Then one day they arrived to find a sign saying the land had been purchased and the garden would be removed in three months. This time it is the community that mobilizes, eventually getting assistance from some social justice lawyers. The lawyers probe how the land was sold, and it turns out it was sold to the original owner, a developer, for the same price the city bought it for 12 years before-- with no public posting, no chance for the gardeners to bid on it, etc. Involved in the deal was his promise to turn part of the lot into a community soccer field (a project of the local councilwoman and the aforementioned activist).

Before you know it, Darryl Hannah and Danny Glover are involved, and a councilman who is interested in saving the garden has become mayor of Los Angeles, Antonio Villaraigosa. Through pressure, the developer says he will sell the property to the gardeners if they can raise his asking price: $16 million. There's a high-profile concert fundraiser and more celebrity visits. In the end, they raise an impressive half million. Then the Annanberg Foundation steps in and agrees to provide all the rest-- and together they make the offer of $16 million.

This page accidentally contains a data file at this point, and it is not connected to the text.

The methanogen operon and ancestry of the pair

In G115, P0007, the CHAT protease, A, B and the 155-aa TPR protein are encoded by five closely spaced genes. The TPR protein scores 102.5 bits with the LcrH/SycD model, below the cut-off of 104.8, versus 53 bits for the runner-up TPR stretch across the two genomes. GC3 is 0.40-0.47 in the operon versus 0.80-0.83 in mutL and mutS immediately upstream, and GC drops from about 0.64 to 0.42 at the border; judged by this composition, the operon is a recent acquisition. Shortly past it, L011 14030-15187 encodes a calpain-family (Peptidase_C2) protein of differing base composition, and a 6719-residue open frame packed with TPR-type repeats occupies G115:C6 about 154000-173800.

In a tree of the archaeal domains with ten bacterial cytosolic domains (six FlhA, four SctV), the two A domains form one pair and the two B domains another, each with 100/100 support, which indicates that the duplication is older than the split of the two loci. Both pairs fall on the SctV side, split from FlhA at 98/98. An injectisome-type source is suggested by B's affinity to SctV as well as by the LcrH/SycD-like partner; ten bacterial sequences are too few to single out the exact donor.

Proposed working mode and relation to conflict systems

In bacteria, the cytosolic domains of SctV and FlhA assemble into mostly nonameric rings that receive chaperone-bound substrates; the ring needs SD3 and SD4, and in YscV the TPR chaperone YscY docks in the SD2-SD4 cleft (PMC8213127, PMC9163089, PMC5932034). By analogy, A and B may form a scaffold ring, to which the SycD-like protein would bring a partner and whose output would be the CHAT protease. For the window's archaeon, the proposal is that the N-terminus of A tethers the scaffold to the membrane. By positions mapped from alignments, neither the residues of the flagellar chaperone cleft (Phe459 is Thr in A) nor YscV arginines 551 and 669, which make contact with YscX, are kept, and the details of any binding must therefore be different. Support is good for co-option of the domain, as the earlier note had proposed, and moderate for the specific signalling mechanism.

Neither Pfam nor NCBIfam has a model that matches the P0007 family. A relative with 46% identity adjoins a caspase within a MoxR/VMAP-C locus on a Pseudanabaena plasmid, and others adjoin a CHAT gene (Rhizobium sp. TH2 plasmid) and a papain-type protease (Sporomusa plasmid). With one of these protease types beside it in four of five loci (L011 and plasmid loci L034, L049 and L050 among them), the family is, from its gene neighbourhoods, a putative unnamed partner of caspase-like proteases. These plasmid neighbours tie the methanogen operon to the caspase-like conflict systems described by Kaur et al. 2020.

And that's when the astonishing thing happens. The developer turns it down. He sends bulldozers instead and in a horrifying scene, with riot police surrounding the plot and dragging off gardeners, they flatten the garden. The voice over is of the developer saying he wouldn't sell it to that group for any amount of money. They seemed to feel they were entitled to it, and didn't recognize the rights of the owner. He didn't like them and didn't like the way they were acting. Who did they think they were? He owned the property and could do with it what he wanted. And he wanted to build warehouses there. As of 2008, two years later, not a thing had happened on the lot. The gardeners were able to buy 80 acres in Bakersfield, where they garden (I have no idea how they get there and back) and market their produce at farmer's markets, including the one in Los Angeles. They also got a plot of land under some high voltage wires, and some concluding footage shows them working to get the concrete slabs out of it and bring in dirt so they can start over.